In a legal victory for providers, HHS' inspector general's office has decided not to appeal the long-running Hanlester Medicare kickback case to the U.S. Supreme Court. The decision lets stand a ruling issued last April by the 9th U.S. Circuit Court of Appeals in San Francisco that created a narrow definition of an illegal kickback (May 1, 1995, p. 24). Federal law bars any form of remuneration to induce patient referrals. The appeals court said providers can run afoul of the law only if they do so with specific intent to violate the law.
Rep. Henry Hyde (R-Ill.) introduced legislation in Congress giving physicians and other providers antitrust relief to form networks that deal collectively with payers. The bill would ease the legal burden for networks that want to avoid price-fixing charges (Feb. 5, p. 14). The American Medical Association, which helped draft the bill, is "actively supporting" the legislation, a spokeswoman said. Hearings on the measure are expected later this month.
Cardinal Health, a Dublin, Ohio-based pharmaceutical distributor, and Pyxis Corp., a provider of healthcare information and pharmacy management services, signed an agreement to merge in a stock swap valued at $920 million. San Diego-based Pyxis would become a wholly owned subsidiary of Cardinal Health under the agreement. Pyxis systems automate the distribution, management and control of medications in hospitals and alternate-care facilities. The firm also has a subsidiary, Allied Pharmacy Management. Cardinal, which posted more than $8 billion in revenues in 1995, distributes pharmaceuticals and provides related services to hospitals, independent and chain pharmacies, managed-care facilities and other providers, as well as pharmacy departments of supermarkets and mass merchandisers.
Mayo Health System and Myrtle Werth Medical Center in Menomonie, Wis., will merge March 1, paving the way for development of the city's first fully integrated healthcare system, officials said last week. A majority of the Myrtle Werth corporate membership approved the merger with Rochester, Minn.-based Mayo. The 55-bed hospital will be renamed Myrtle Werth Hospital-Mayo Health System. One of the city's largest healthcare providers, Red Cedar Clinic, merged with Mayo and Midelfort Clinic in November 1994. The Mayo-Myrtle Werth merger will make it easier to work with the clinic, now known as Red Cedar Clinic-Mayo Health System, said Thomas Miller, Myrtle Werth's administrator. The agreement between Mayo and Myrtle Werth hinged on control of the hospital and creation of a hospital foundation. Merger votes scheduled for last November and December were postponed because officials sought changes in the deal.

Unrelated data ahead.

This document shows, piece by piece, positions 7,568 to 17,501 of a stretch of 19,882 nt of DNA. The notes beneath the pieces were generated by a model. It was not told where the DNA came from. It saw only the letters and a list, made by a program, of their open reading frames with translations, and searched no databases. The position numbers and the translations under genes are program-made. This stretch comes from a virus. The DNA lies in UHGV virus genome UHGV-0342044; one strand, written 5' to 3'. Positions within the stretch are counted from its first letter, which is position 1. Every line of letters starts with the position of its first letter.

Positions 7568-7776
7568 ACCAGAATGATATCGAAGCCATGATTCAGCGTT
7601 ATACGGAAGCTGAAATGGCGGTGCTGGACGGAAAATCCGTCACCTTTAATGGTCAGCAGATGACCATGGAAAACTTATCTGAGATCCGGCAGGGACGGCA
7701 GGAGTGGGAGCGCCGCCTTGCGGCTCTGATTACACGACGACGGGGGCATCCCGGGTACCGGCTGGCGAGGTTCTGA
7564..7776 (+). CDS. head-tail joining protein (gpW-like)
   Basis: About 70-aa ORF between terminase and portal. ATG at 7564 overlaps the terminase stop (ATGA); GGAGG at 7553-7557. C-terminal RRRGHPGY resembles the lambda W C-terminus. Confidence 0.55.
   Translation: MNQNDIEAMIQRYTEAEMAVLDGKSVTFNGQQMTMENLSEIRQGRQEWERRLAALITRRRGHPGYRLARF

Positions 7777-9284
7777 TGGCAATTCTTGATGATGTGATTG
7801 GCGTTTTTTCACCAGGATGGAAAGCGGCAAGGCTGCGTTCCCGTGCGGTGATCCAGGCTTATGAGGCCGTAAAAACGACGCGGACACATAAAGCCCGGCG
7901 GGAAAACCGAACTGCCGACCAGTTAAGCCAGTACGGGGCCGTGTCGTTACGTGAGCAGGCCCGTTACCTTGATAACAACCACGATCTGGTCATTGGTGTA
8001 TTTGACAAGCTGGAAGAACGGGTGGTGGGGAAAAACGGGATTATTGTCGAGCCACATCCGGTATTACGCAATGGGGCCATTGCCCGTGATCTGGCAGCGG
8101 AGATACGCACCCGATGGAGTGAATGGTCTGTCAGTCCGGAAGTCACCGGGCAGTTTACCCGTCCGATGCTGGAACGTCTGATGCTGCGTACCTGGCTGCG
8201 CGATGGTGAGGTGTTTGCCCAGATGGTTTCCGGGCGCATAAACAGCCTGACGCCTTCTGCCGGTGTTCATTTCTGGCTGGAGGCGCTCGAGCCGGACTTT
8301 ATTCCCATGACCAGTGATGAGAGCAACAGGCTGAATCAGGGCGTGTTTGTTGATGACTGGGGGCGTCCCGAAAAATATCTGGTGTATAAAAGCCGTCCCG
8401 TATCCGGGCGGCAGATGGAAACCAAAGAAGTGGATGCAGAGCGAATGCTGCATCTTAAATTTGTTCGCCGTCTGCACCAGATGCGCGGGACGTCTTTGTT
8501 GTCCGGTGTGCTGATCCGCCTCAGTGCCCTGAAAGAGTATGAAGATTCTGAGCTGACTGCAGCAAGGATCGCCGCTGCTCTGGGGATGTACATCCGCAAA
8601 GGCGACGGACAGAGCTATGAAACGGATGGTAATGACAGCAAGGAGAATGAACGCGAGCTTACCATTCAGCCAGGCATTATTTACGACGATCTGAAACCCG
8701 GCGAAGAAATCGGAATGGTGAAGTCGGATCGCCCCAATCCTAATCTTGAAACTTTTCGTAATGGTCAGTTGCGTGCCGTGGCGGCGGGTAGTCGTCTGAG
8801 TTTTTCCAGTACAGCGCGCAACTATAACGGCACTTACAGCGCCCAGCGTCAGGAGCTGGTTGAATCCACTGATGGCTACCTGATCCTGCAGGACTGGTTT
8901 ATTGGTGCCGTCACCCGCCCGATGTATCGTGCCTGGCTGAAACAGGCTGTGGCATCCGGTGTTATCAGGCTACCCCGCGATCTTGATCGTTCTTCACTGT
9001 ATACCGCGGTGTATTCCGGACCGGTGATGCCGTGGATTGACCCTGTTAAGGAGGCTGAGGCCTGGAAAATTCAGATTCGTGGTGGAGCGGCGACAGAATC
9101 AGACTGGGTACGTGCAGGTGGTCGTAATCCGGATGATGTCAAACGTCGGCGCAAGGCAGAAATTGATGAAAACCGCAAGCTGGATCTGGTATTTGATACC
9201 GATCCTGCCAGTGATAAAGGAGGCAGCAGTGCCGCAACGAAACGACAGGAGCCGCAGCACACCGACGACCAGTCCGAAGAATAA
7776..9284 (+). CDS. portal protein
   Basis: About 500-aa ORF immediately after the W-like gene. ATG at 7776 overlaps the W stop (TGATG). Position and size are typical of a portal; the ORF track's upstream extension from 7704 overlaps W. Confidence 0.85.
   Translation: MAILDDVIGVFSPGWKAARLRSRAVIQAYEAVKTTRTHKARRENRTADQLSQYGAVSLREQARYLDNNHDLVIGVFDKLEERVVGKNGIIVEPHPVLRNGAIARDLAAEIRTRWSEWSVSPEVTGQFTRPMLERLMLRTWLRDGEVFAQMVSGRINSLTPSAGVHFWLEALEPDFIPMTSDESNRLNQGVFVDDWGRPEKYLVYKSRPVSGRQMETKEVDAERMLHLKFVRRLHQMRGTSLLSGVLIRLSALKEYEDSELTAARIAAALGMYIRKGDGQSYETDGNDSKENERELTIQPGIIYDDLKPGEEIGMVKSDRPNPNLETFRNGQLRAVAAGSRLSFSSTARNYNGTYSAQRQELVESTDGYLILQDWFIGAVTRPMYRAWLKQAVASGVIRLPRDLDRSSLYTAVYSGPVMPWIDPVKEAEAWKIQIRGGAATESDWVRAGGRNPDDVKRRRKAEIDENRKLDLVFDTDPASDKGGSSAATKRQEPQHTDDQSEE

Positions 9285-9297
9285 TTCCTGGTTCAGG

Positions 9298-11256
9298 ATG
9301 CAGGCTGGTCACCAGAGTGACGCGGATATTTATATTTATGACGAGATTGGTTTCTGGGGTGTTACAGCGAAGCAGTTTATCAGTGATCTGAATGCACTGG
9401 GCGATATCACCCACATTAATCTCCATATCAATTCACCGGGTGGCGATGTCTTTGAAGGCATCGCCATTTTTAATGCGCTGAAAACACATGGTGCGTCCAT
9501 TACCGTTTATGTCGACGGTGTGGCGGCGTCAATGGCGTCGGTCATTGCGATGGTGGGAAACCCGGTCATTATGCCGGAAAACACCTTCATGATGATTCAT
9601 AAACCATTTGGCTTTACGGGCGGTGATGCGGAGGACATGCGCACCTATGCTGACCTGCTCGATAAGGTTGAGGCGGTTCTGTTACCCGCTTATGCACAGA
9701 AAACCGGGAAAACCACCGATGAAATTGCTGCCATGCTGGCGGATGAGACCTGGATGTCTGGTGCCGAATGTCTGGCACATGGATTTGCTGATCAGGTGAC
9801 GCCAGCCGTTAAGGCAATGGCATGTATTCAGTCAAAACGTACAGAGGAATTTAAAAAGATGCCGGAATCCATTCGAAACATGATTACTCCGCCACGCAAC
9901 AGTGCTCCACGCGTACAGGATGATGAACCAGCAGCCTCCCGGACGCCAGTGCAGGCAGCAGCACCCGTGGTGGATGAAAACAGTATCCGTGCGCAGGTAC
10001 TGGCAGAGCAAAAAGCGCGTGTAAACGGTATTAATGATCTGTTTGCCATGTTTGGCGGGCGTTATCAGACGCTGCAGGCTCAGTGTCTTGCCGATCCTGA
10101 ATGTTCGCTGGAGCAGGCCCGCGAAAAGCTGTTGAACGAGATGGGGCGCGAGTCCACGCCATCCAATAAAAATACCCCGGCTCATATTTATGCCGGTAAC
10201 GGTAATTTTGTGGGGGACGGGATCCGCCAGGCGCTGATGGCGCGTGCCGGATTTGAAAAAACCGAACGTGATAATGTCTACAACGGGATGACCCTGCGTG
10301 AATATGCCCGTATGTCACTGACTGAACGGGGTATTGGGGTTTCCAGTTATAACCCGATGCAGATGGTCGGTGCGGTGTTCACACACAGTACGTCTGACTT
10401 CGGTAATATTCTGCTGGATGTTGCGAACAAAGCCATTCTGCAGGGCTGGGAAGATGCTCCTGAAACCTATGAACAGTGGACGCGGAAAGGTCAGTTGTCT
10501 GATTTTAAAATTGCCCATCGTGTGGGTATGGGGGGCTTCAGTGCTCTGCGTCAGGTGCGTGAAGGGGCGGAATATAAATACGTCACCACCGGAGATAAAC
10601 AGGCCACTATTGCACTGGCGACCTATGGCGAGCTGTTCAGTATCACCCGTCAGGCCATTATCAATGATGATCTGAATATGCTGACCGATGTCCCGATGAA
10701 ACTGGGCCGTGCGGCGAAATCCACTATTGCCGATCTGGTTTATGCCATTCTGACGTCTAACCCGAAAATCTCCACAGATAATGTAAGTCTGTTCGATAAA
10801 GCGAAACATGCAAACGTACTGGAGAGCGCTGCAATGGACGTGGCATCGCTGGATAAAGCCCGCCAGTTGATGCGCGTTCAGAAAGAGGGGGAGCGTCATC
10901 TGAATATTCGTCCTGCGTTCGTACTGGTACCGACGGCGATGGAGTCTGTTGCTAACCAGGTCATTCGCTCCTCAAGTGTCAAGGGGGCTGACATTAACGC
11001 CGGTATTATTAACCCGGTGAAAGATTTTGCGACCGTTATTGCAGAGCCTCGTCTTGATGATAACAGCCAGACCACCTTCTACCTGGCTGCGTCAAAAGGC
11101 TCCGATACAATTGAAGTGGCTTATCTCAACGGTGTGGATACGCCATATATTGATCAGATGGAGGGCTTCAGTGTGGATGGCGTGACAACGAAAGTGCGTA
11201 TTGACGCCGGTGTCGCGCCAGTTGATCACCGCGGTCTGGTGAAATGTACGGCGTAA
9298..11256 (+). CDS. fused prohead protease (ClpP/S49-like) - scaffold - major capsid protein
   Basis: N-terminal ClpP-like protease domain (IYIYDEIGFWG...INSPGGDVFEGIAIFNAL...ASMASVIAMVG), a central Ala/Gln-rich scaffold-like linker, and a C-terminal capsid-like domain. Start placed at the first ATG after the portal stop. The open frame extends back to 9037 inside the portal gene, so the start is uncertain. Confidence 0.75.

Detroit-based St. John Health System last week signed a memorandum of understanding to discuss affiliation opportunities with 170-bed Saratoga Community Hospital, on Detroit's east side. St. John Health System had net income of $27.8 million on net revenues of $468.6 million last year, according to Crain's Detroit Business, a sister publication of MODERN HEALTHCARE. The proposed agreement calls for St. John to become the parent organization of Saratoga. Each organization will earn a seat on the other's board of trustees. St. John Health System has four acute-care hospitals and several outpatient sites throughout the Detroit area.
Three hospitals in southeastern Massachusetts will merge and hope to provide services for which patients now must leave the area. The hospitals are 344-bed Charlton Memorial Hospital in Fall River, 396-bed St. Luke's Hospital of New Bedford and 60-bed Tobey Hospital in Wareham. Charlton Memorial and St. Luke's announced last December that they planned to merge. Tobey said last week it will join them. The merger needs the approval of federal and state regulators. The merged hospitals will have 800 beds, 700 physicians, 3,700 employees and more than $287 million in patient revenues. They will be governed by one board and one management team. The hospitals expect to save $50 million during the first five years by streamlining administrative and support services. The hospitals declined to say whether jobs would be eliminated because of the merger.
Two Roman Catholic systems in Arizona will affiliate to form a statewide Catholic healthcare system and integrated delivery network. The boards of Carondelet Health Care and Mercy Healthcare Arizona both approved the union. The systems will define the affiliation's structure during the next few months. Carondelet and Mercy have worked together for 11 years through the Southwest Catholic Network, which sponsors Mercy Care Plan, an HMO covering patients through the state's Medicaid managed-care program. In Tucson, Carondelet operates St. Joseph's Hospital and St. Mary's Hospital. It also runs Holy Cross Hospital in Nogales, as well as several other properties. Mercy operates St. Joseph's Hospital and Medical Center, as well as Barrow Neurological Institute, both in Phoenix.